Back home, James relaxed again on his porch, as the sun set in brilliance over the dark blue ocean. He drank a beer as he sat and watched the sun go down. He was pleased, everything had worked out well.
He had enough money to survive a while longer, and that was all he really needed for now. He wondered if he would ever do it again. He was unsure. The money was good, but the risk was high. He would worry about that if he was need of money again, not now. Now he would savor the moment, and enjoy his success. And his money. He smiled to himself, and sat back in his chair as he relaxed a bit more.
He wondered if the cops were ever really on to him, and smiled wryly to himself, he was sure that they were. He would have to keep the money in a safe place, and not bank it. He sat back and relaxed. He was glad that it was all over. At the end of the month he would be able to pay the water and lights, and to buy food for the following month. Things had worked out well.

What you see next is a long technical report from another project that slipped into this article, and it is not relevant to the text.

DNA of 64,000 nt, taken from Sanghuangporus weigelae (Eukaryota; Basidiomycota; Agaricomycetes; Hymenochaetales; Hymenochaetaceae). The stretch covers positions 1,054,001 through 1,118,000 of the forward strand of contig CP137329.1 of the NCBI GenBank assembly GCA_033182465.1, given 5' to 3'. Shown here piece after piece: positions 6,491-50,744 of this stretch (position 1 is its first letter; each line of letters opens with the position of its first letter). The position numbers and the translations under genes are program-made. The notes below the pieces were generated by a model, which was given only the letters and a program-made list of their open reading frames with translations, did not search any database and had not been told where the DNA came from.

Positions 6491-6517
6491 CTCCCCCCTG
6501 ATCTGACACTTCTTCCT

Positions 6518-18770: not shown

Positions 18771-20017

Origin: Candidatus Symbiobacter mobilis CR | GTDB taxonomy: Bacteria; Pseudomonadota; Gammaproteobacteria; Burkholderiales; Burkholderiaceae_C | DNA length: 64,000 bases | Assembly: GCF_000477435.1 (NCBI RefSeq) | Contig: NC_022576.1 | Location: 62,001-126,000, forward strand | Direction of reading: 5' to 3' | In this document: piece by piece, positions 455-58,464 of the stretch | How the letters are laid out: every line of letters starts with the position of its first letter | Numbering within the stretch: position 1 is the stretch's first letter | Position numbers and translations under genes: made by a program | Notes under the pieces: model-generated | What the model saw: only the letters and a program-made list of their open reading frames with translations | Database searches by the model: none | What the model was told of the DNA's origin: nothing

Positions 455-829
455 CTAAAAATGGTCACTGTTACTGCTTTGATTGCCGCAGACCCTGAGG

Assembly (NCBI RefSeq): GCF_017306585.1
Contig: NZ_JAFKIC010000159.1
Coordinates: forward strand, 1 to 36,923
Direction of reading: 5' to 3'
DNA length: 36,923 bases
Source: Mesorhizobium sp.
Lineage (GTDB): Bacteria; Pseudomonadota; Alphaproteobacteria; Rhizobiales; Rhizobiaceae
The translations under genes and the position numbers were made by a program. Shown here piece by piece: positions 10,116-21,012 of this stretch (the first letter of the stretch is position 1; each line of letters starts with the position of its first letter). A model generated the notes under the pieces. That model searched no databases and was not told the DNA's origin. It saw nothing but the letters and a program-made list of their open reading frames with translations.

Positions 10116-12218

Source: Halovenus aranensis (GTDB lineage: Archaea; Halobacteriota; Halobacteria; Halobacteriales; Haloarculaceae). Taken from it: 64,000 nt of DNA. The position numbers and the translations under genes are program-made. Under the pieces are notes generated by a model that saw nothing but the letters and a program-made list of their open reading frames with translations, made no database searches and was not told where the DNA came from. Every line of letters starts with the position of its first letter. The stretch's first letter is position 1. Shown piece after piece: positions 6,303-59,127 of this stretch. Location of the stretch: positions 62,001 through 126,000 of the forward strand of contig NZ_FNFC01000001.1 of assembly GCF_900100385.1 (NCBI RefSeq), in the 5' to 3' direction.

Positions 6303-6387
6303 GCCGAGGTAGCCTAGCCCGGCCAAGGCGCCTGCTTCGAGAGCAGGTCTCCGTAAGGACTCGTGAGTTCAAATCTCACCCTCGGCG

He sat and watched the last rays of the sun shimmering over the ocean, and then darkness fell. He went to his bedroom to watch the evening news on the television.
The desert lay peaceful and serene under the hot yellow sun. The waves broke gently on the shore alongside it. The sand stirred in the wind. White clouds were scattered across the clear blue sky.
In the desert plains the shrubs, bushes and coarse grass grew wild. The landscape was barren and strewn with rocks. It was a hot, dry place. The sun scorched the parched earth, and turned the soil to dust and sand. The wind that blew over the plains was warm and dry. There were few clouds in the sky, and there was no prospect of rain soon.
The little coastal village lay serenely between the desert and the sea. The sea blew in a cool and milding wind to the shore. The village lay amongst the splendor and beauty of nature, and all was at peace, as the waves washed unto the shore.